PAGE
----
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Time to end the EAA

Everybody hates clichés, but they persist for a reason: There’s often a lot of truth in them. Such as this one: When in a hole, the best thing you can do is stop digging.

When something is broken beyond repair, it is a waste of time to try to fix it. The institution that made me think of this is the EAA, Governor Snyder’s Education Achievement Authority, designed to fix the worst Detroit schools.

Trying to do that was admirable. But it clearly not only hasn’t worked, but has become a corrupt embarrassment. More than a year ago, former State Representative Ellen Cogen Lipton showed that students in the EAA’s test scores were largely getting worse, not better.

Lipton used her own money and the Freedom of Information Act to show that the district had been forced to secretly borrow money from the cash-strapped Detroit Public Schools. It was led by a chancellor, John Covington, who preferred attending conferences in Las Vegas to being in Detroit.

When he was around, he insisted on being chauffeured in a limousine, and was paid more than $325,000 a year. Eventually he was fired, and term limits ended Lipton’s investigations.

But now we know things were even worse than we thought. Earlier this month, we learned that the FBI and the U.S. Attorney’s Office in Detroit were seeking all sorts of financial records relating to at least five present and former EAA principals.

Another former principal, one Kenyatta Wilbourn, says she has struck a deal to plead to federal charges of tax evasion and accepting a bribe. According to press reports, she has happily chronicled details of corruption in the EAA, including explaining how she helped vendors write bids to win contracts in return for a cut of their payments. She even got one vendor to hire her uncle to channel illegal money to another family member.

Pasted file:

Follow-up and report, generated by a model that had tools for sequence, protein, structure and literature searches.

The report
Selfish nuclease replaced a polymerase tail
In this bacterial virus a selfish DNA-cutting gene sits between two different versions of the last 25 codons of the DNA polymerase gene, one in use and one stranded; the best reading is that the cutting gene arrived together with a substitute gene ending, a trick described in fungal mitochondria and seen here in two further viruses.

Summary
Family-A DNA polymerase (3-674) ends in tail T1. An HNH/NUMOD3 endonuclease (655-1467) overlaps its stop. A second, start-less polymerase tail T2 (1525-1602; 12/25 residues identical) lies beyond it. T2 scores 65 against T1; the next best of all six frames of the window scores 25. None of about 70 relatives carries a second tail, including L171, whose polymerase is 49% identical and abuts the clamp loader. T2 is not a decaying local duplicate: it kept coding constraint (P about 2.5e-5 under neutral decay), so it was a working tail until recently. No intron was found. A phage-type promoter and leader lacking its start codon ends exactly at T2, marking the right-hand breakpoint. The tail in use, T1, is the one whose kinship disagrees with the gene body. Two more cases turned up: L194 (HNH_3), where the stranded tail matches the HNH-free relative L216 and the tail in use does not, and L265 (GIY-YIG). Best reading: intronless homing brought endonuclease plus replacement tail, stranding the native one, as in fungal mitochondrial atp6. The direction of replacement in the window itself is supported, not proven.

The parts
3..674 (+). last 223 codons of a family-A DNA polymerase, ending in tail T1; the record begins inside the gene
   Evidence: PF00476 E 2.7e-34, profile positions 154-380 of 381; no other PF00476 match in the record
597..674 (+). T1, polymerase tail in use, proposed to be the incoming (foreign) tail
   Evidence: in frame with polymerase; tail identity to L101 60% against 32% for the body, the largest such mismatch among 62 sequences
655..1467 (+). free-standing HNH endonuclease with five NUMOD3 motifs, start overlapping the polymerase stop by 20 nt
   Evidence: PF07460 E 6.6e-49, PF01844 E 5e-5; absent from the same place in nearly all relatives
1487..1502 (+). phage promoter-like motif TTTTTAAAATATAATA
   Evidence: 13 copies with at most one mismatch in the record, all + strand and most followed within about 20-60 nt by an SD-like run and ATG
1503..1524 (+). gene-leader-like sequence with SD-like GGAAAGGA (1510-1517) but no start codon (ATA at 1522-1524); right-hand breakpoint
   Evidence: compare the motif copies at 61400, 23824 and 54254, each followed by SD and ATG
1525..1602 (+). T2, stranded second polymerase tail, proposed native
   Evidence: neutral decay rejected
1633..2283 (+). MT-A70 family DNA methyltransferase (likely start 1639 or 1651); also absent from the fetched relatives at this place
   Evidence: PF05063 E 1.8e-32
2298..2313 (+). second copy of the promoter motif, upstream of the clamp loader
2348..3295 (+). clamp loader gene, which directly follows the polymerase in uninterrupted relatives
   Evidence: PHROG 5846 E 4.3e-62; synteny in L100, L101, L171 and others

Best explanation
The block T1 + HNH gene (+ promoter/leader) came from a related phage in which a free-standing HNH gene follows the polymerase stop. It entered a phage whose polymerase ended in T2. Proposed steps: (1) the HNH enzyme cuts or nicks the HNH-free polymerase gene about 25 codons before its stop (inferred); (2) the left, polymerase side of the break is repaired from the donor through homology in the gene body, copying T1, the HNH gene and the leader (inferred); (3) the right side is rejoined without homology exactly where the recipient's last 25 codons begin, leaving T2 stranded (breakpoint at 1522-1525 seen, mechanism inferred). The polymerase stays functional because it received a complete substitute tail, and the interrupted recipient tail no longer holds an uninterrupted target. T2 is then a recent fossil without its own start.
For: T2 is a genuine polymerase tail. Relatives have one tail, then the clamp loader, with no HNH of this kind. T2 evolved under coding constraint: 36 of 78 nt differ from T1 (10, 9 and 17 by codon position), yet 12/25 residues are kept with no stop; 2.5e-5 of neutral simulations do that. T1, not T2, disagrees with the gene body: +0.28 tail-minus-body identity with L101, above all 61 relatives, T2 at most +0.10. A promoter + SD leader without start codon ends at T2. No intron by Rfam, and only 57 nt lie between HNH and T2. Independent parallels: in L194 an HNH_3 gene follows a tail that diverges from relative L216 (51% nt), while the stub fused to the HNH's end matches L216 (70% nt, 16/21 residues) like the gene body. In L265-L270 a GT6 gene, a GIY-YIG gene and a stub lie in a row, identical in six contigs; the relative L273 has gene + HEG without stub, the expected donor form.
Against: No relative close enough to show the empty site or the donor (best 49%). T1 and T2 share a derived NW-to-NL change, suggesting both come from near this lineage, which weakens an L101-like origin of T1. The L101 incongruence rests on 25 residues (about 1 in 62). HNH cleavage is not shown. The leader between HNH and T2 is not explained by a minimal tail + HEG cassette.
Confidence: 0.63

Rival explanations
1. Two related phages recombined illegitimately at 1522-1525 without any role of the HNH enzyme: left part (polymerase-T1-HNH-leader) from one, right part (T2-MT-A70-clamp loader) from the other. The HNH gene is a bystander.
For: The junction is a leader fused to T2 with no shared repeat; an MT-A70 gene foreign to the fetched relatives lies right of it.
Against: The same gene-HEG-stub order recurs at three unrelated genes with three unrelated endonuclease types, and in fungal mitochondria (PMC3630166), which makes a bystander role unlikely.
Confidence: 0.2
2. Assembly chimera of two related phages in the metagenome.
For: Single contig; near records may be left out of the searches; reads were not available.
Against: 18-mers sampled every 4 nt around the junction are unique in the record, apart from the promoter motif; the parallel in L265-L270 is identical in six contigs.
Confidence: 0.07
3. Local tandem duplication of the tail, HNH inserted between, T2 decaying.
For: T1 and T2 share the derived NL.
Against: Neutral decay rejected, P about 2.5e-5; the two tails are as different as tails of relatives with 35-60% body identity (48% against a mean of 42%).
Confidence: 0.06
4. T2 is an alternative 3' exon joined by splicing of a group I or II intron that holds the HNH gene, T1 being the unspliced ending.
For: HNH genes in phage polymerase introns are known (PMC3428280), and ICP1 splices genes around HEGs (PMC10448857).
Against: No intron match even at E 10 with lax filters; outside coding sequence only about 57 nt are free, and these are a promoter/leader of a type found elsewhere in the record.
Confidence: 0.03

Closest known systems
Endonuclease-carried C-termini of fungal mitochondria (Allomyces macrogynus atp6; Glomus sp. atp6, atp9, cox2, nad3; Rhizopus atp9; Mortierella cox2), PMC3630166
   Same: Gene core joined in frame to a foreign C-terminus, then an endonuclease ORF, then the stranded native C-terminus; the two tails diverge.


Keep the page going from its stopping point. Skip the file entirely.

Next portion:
Stealing large sums of money meant for struggling school children apparently was pretty easy at the EAA, and there is every reason to think the corruption goes far beyond Wilbourn.

According to a memo by current EAA chancellor Veronica Conforme, Wilbourn said she was taught how to lie, cheat and steal by veteran Detroit Public School principals.

These days, teachers and administrators are fast disappearing throughout EAA schools, and so are the students. Enrollment is down nearly ten percent. Not surprisingly, Conforme is still defending the authority; she too makes $325,000 a year.

The governor, by the way, wanted to extend the EAA’s reach to the entire state. He isn’t talking much about that these days, but he still stands by it, despite all the corruption.

In a hilarious comment that just begs for John Stewart, Dave Murray, one of the governor’s spokesmen, is quoted in the Detroit Free Press today  as saying

“Any time you have a new system in place, there’s going to be some fine-tuning over time.”

I believe he said much the same thing for months in response to the scandals surrounding the world’s worst prison food contractor. Governor Snyder sometimes has trouble recognizing that water is coming in faster than anyone can bail. Even his closest supporters know he hung in there too long with Aramark. Now, it’s clearly time to pull the plug on the EAA.

Jack Lessenberry is Michigan Radio's political analyst. Views expressed in his essays are his own and do not necessarily reflect those of Michigan Radio, its management or the station licensee, The University of Michigan.

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